At 71, Radu Lupu continues to amaze. No one gets so much out of a piano with such a light touch and minimum of effort. He sits in his ergonomic office chair, outwardly impassive, his hands remaining level to the keyboard. They do all the work; the rest of his body radiates profound repose and stillness. He doesn’t play, rather he is a conduit; he channels the music. Notes aren’t struck; they float up out of the silence round and translucent, with an Indian Summer glow. They rarely swell to a forte and occasionally fade to the brink of inaudibility. They enthrall. Lupu casts a spell; you are helpless to resist.

Andris Nelsons and Radu Lupu with the Boston Symphony © Hilary Scott
Andris Nelsons and Radu Lupu with the Boston Symphony
© Hilary Scott

In Mozart’s dark and moody Piano Concerto no. 24 in C minor, Lupu was the eye of the hurricane, contrasting the orchestra’s stormy turbulence in the Allegro, subdued and subtle in the more tranquil Larghetto, and making the variations on the somber, sinister march theme of the Allegretto a haunting contrast of emotions. Lupu performed his own cadenzas, respecting Mozart’s wish that the cadenza of the first movement end without the usual trill. The orchestra here is the largest ever called for in one of Mozart’s concertos with a substantial wind section setting the overall timbre and dominating parts of all three movements. Andris Nelsons made sure the woodwinds set the palette and echoed his soloist with an equally finespun and tempered performance.

When approached for this program, Lupu suggested Mozart’s Requiem as a companion piece. Nelsons opted for Süssmayr’s completion and carried over the same low-key approach from the concerto. It is almost impossible to hide the seams when this version of the Requiem is played outside a liturgical setting. The piece actually holds together better spaced out over the course of a mass, as the BSO did for the 1964 Solemn Pontifical Requiem Mass in Memory of John F. Kennedy. In the concert hall, the Requiem can seem more episodic, with the episodes’ decline in quality more marked as the ratio of Mozart to Süssmayr decreases. Nelsons mostly avoided this pitfall by emphasizing the drama unique to each particular section without italicizing emotions and keeping things moving.

Soloists Lucy Crowe, Tamara Mumford, Ben Johnson and Morris Robinson with the Boston Symphony © Hilary Scott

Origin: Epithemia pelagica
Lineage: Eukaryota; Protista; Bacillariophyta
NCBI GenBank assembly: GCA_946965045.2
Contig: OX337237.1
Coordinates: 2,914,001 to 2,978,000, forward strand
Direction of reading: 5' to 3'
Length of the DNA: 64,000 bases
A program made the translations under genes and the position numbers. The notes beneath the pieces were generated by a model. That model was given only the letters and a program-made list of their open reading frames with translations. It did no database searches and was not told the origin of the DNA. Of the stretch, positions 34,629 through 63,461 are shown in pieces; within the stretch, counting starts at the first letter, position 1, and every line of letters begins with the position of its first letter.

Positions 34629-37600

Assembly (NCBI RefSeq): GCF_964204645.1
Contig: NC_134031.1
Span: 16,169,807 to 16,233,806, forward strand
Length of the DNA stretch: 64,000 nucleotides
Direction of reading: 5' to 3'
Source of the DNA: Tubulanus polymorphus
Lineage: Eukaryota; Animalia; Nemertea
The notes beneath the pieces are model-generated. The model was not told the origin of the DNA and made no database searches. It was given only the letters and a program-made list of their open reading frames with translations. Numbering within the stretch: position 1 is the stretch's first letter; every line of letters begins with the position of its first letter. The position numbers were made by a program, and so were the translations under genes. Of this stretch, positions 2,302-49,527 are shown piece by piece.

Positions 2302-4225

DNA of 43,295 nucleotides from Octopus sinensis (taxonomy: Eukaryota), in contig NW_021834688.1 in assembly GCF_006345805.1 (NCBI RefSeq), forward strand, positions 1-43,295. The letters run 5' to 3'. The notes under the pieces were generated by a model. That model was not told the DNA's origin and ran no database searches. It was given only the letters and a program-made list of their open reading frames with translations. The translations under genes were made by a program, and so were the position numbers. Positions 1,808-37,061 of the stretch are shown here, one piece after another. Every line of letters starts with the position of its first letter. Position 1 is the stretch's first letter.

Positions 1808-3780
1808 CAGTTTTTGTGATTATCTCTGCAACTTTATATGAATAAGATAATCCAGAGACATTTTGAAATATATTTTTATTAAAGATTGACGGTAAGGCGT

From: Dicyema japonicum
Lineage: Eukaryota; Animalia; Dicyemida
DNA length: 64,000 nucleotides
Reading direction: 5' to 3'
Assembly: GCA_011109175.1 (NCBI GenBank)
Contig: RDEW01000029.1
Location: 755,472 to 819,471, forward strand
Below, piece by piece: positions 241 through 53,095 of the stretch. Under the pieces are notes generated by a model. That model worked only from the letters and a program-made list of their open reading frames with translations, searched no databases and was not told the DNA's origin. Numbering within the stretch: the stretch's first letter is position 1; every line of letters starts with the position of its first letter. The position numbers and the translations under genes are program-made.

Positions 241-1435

Soloists Lucy Crowe, Tamara Mumford, Ben Johnson and Morris Robinson with the Boston Symphony
© Hilary Scott

As with February’s Bach Mass in B minor, Nelsons used a small orchestra, but a large chorus, this time prepared by guest conductor, James Bagwell. Despite the presence of a quartet of soloists, the chorus is the voice of the Requiem. It prays, it pleads, it laments, mourns, and rejoices. The Tanglewood Festival Chorus filled the hall with a rich blend of sound tailored to the drama of the moment and  particularly excelled in the fugues scattered throughout the sections. Since the soloists only rarely and briefly sing alone, how well they blend together as a quartet is paramount. This group blended exceptionally well. Lucy Crowe’s soprano has a robust, smoky quality in her lower range which brightens as it rises, a beguiling quality which complemented the arresting, mahogany of Tamara Mumford’s voice, its timbre so unique it left listeners regretting Mozart hadn’t written more for the mezzo .Tenor Ben Johnson sang clearly and accurately but was slightly underpowered compared to his colleagues. The imposing Morris Robinson could well bill himself as the “Shaquille O’Neal of Basses” he looks so much like the star basketball player. His resonant, coppery voice is equal to his stature; he could easily overpower everyone, as his Tuba mirum solo demonstrated, but has firm control of dynamics. He warmed up and stayed that way by doing something never seen before-  singing along sotto voce with the male members of the chorus when not otherwise engaged.

Perhaps the next time the BSO programs the Requiem they can try one of the versions which cleans up Süssmayr’s solecisms and meshes his orchestration more closely to Mozart’s. It would be intriguing to hear whether such an edition allows the piece to coalesce much more than is possible otherwise.